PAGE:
End the relationship
Let’s start with the really obvious, if uncomfortable answer. You could leave them. If you have trust issues with your partner, you can collect your things and dump him/her. If you don’t trust him/her, the chances are that this relationship is not making you happy, which is really the primary purpose anyway. Sometimes things are not worth trying to fix, and you can simply walk away, make a clean break – no late-night checks of their Instagram, no gossiping with mutual friends – and spend some time, single, fixing your broken heart. It’s a lot of immediate pain, and I don’t want to minimise that, but you can put yourself back together, make new friends, try new hobbies, and know that the awfulness won’t last forever.
If you do decide that you want to stay with your untrustworthy partner, the first stop is some couples’ therapy. Typing this makes me realise that if you’ve had your confidence crushed or your trust betrayed by a significant other, you might not feel comfortable suggesting this, but if that’s the case then I urge you, once again, to refer to my answer above. If your partner has betrayed you, they should want to fix things. If they don’t, you shouldn’t be with them. Couples’ therapy can be a safe and healthy place for people to work out the difficulties in their relationship and find a way to move past trust issues and into a new, loving relationship based on respect.
Symptoms of trust issues
It’s worth thinking about the symptoms of trust issues. Whether one partner has betrayed the other or not, either person having trust issues can be extremely uncomfortable for both parties. Let’s call the person with trust issues “A” and the other partner “B”. “A” spends a lot of time worrying that “B” doesn’t love them, or might cheat on them, or is only dating them for a selfish reason and not because of genuine love and affection. This causes constant stress for “A” and affects their physical and mental health, friendships and work. If things get really unhealthy, “A” might try to check up on “B” by doing things like going through their phone, which is abuse and shows a lack of respect for boundaries. Now, from “B’s” perspective, things are also not great. “B” might feel guilty for hurting “A”, and possibly have second thoughts about the relationship, which could lead to even more guilt. If “B” didn’t do anything wrong, like being unfaithful, they might be concerned that “A” is projecting and could also end up developing trust issues. Much like “A”, “B” might experience some symptoms of trust issues like stress or distraction that could impact other parts of their life. All of this, I hope, explains why trust is important in a relationship: without it, both parties are unhappy.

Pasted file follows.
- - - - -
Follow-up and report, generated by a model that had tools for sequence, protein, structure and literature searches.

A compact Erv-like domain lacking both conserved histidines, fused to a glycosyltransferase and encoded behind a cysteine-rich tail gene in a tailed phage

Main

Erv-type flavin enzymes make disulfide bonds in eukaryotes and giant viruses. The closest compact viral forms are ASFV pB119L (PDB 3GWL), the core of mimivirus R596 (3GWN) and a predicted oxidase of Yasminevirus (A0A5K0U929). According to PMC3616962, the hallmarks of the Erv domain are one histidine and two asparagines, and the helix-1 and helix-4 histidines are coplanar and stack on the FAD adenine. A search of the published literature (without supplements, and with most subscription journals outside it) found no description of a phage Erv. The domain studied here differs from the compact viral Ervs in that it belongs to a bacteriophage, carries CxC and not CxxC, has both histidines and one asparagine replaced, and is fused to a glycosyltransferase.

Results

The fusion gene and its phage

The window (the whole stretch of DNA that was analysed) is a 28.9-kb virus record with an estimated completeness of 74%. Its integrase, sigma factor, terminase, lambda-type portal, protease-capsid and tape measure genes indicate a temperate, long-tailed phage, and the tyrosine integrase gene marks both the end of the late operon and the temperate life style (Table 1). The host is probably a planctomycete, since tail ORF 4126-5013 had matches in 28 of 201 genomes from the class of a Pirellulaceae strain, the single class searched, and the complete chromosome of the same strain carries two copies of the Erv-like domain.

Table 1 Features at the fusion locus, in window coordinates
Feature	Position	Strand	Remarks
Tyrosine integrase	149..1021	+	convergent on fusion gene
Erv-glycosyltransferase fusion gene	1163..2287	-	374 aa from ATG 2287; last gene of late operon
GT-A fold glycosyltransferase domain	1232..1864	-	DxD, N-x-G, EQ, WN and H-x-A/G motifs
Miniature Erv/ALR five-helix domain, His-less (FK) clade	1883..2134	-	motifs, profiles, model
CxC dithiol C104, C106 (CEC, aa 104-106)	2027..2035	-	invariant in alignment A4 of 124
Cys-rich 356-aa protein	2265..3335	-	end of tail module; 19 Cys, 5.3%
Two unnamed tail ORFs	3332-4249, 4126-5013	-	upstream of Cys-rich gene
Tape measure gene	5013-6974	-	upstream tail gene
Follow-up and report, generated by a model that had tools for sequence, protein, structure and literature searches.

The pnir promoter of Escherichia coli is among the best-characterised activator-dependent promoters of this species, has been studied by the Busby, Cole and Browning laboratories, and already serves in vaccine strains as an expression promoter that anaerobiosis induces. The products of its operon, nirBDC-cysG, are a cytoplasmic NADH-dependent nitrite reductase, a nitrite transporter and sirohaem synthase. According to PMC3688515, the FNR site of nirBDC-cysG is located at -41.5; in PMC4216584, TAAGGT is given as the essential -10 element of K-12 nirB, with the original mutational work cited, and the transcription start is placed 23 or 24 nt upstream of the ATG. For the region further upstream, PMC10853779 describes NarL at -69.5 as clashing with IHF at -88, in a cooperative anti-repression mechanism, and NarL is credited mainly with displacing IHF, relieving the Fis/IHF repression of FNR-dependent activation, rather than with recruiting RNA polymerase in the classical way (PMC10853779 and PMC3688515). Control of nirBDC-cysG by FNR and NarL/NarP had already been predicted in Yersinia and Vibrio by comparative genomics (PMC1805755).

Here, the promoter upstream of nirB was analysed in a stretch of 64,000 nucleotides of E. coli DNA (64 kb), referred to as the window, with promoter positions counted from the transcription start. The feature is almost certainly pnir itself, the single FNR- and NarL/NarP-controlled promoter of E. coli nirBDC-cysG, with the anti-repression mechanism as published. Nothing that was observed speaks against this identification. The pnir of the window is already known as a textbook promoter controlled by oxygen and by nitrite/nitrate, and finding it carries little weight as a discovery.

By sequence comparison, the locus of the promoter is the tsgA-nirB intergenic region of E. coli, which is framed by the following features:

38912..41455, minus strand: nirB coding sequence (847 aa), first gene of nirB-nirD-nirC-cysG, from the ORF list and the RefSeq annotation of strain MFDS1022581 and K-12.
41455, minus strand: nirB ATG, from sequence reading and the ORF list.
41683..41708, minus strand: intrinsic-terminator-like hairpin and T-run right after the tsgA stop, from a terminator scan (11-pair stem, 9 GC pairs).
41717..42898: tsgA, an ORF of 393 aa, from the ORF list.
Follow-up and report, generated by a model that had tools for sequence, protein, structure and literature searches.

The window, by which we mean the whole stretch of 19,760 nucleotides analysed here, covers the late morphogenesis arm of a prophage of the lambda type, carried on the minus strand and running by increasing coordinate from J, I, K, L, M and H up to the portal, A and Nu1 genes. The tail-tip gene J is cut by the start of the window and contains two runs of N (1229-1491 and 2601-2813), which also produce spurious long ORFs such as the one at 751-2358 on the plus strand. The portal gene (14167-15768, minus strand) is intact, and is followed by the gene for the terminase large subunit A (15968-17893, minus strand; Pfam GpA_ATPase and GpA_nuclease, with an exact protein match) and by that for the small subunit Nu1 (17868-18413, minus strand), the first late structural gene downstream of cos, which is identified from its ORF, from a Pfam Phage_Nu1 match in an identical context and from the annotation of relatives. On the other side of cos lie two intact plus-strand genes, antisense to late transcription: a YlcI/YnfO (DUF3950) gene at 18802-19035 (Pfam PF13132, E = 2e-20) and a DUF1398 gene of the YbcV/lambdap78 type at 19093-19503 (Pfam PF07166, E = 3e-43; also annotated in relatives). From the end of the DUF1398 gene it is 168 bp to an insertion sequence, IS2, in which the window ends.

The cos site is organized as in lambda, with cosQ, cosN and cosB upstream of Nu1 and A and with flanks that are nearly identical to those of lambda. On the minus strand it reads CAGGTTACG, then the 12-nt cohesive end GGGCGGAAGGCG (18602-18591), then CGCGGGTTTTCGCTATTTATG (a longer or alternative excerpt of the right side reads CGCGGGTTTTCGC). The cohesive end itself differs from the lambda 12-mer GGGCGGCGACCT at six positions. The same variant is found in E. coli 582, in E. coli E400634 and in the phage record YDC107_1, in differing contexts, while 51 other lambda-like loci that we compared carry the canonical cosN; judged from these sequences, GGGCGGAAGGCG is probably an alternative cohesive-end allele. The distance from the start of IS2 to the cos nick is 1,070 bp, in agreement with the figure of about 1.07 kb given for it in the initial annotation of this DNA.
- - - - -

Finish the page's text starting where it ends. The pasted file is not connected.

Observing your partner
Even if you trust your partner and have never had any cause to doubt them, it’s a good idea to make sure that they do not distrust you. It works both ways: either – or both – parties might feel concerned, and so it’s good to be reassuring and respectful. Ultimately, you’re probably the best person to work out if your significant other is feeling anxious, and if you think they are, discuss it with them.
Trust issues outside of romantic relationships
Trust issues are not necessarily restricted just to romantic relationships. Some people might think that they can’t trust anyone, and try to maintain all of their relationships without trust. It’s worth exploring the root of these issues in depth, and a therapist can help with that. If you’ve been betrayed by a girlfriend or boyfriend in the past, that can impact your current relationships, or it could be something that happened in your childhood or adolescence that’s remained unresolved. Sorting out these underlying problems can help to improve all aspects of your life and allow you to rebuild relationships.
Relationships are difficult, and all of them go through rough patches from time to time. Just because two people love each other and have shared interests and chemistry doesn’t mean that they won’t fight or have problems trusting each other sometimes. Remember that you and your partner are on the same team and should be working together to solve problems, and that can involve supporting each other and finding solutions that work for both of you. It’s not impossible to repair trust in a relationship, but it does take time, communication and commitment, and it won’t always be easy. Both of you need to think, honestly, if you’re ready to do this, before you take the first step, because if you don’t, it’s much better to just walk away.